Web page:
You’d think that it would be so easy: as a wink and a nod at the audience for whom he’s performing, Prince does a cover of Radiohead’s “Creep” at Coachella, a bunch of cell-phone videos gets put up on YouTube, and everybody marvels — for the eighty zillionth time — at what a versatile mother-fracker Prince is.
And, oh yeah, what a great song “Creep” remains. Sure, it would have been cooler had Prince covered “Karma Police” or “Everything In Its Right Place,” (especially if Prince had changed the opening line to “Yesterday I woke up, you were sucking my lemon”), but, all things considered, “Creep” was good enough, and the whole thing just becomes part of the legend of both artists.
You’d think. But, as it turns out, things are a bit more complicated. Which since it’s Prince and Radiohead, makes a lot of sense, since inherent in the greatness of each artist is more than a touch of madness.
Oh, we piss people off.
The schedule for the next few months is posted on flyers outside the theater, and on December 15, we’re doing It’s a Wonderful Life. There was already some internal conflict about it, and some anonymous wag wrote on one of the flyers: “It’s not a bad movie, you S.O.B.s!!!” With three lines under S.O.B.s, so we’ll know they mean business.
Yeah, some people don’t like Bad Movie Night so much.
Me, I do. It’s my baby. I didn’t create the showthat honor goes to Jim Fourniadis and Ty McKenziebut I was there on the first night: Red Dawn, March 27, 2005. Coincidentally, I broke up with my girlfriend of seven years earlier that afternoon. As a result I almost didn’t go to the show at all, but I was looking forward to it, and the point of the breakup had been (among other things) so I could go do the stuff I wanted, and Bad Movie Night was very much the stuff I wanted to do. I became a frequent co-host, eventually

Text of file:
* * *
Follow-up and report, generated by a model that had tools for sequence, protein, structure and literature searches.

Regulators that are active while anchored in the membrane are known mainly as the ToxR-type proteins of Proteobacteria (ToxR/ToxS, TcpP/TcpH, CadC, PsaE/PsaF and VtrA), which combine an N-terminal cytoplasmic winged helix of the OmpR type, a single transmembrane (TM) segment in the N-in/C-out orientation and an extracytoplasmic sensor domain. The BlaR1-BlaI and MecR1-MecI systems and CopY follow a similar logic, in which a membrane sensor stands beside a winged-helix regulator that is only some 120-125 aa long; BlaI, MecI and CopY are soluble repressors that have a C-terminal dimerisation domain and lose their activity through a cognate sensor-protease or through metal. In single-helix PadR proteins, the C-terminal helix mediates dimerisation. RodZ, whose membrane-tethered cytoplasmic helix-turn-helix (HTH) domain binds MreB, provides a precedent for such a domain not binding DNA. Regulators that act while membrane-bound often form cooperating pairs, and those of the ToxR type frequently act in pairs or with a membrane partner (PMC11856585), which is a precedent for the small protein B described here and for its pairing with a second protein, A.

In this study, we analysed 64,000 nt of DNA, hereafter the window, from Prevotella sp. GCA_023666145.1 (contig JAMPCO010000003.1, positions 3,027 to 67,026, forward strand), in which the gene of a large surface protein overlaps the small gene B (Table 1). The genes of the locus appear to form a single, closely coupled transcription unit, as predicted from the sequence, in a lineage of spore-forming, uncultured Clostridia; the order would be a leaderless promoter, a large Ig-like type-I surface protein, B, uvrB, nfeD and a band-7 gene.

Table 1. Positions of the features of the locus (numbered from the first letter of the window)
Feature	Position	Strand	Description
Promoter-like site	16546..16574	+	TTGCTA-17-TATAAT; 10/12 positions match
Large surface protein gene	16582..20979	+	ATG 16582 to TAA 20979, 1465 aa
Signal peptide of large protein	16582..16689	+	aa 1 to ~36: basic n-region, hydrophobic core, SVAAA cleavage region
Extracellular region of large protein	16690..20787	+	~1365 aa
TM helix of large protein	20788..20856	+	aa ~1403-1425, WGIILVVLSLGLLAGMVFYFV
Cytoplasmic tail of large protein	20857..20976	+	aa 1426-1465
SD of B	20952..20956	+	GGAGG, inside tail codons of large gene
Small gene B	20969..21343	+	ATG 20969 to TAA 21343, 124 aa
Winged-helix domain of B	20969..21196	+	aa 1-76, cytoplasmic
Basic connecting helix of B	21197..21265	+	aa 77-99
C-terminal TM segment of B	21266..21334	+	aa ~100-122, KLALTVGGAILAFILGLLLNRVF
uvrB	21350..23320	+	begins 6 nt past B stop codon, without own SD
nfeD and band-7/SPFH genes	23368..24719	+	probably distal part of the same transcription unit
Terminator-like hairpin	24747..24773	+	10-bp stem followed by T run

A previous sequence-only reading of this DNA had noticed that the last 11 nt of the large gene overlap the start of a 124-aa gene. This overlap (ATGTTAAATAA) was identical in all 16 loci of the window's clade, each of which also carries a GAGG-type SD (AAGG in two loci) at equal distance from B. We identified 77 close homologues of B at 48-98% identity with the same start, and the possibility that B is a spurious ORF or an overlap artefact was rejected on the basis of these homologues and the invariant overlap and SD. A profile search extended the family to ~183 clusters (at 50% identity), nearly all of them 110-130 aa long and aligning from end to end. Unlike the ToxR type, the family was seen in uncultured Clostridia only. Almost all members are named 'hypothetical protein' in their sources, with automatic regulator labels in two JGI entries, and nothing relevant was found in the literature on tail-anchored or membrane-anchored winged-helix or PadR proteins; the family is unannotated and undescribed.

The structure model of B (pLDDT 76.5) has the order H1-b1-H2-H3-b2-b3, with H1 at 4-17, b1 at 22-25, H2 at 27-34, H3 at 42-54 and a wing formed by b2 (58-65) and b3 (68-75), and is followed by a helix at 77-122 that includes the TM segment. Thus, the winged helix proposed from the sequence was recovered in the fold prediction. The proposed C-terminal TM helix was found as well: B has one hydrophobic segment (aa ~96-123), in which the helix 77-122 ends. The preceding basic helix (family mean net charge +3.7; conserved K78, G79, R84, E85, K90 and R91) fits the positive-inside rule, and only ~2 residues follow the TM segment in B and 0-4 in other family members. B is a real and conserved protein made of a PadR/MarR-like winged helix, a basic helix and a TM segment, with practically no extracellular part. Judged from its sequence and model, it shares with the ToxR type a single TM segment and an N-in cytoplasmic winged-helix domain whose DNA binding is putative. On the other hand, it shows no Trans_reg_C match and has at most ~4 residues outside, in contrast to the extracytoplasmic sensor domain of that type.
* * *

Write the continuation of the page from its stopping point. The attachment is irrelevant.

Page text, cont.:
weaseling working my up to de facto curator. It’s still the most fun thing I do on a regular basis.
Can you really be sued by Major League Baseball for telling a friend about that game you watched on TV last night? If you believe the warning that announcers read during every broadcast, you’re violating MLB’s rights when you talk about a game.
“This copyrighted telecast is presented by authority of the Office of the Commissioner of Baseball. It may not be reproduced or retransmitted in any form, and the accounts and descriptions of this game may not be disseminated without express written consent.”
Read the warning closely and it’s not clear what is allowed. MLB doesn’t want me uploading video clips to YouTube — fair enough. But what about “accounts and descriptions” of the game? Do I really need the express written consent of Bud Selig in order to legally tell you that Barry Bonds walked on four pitches in the fifth inning?
On one hand, MLB’s warning is so broad and all-inclusive that it’s become something of a cultural joke. On the other hand, similar over-reaching warnings have become standard on most forms of content protected by copyright. Copyright holders may not actually have all of the rights they claim when they issue these warnings, but that doesn’t stop them from trying to scare consumers with unenforceable threats.
The cumulative impact of these warnings has been to confuse consumers about the nature and balance of rights associated with copyright. Copyright law is complicated enough without entertainment companies intentionally misleading the public.
I admit to being a bit old-fashioned, but in my mind, good customer service rarely involves suing your customers. But, for the past several years, that’s just what the RIAA has done. Nothing creates a warm and fuzzy feeling about an industry faster than threats. Makes you feel wanted.
Illegal downloads are a problem. I maintain — because frankly, the RIAA has offered nothing in the way of hard evidence — that the amount of money being lost is quite a bit less than what the press releases suggest. I believe this simply because every download does not represent a lost sale. In many cases, the songs would have gone unsold, unheard, unnoticed.
Hollywood, March 26/ MR Newswire
Steve Samwell, the creator of the concept of filing frivolous lawsuits against the producers of hit TV Shows, Films and Records, has today announced that he will file a lawsuit against “everyone in the past 40 years who has filed a lawsuit claiming that their idea was stolen.” Mr. Samwell is asserting that these people have stolen his intellectual property and are profiting from that theft.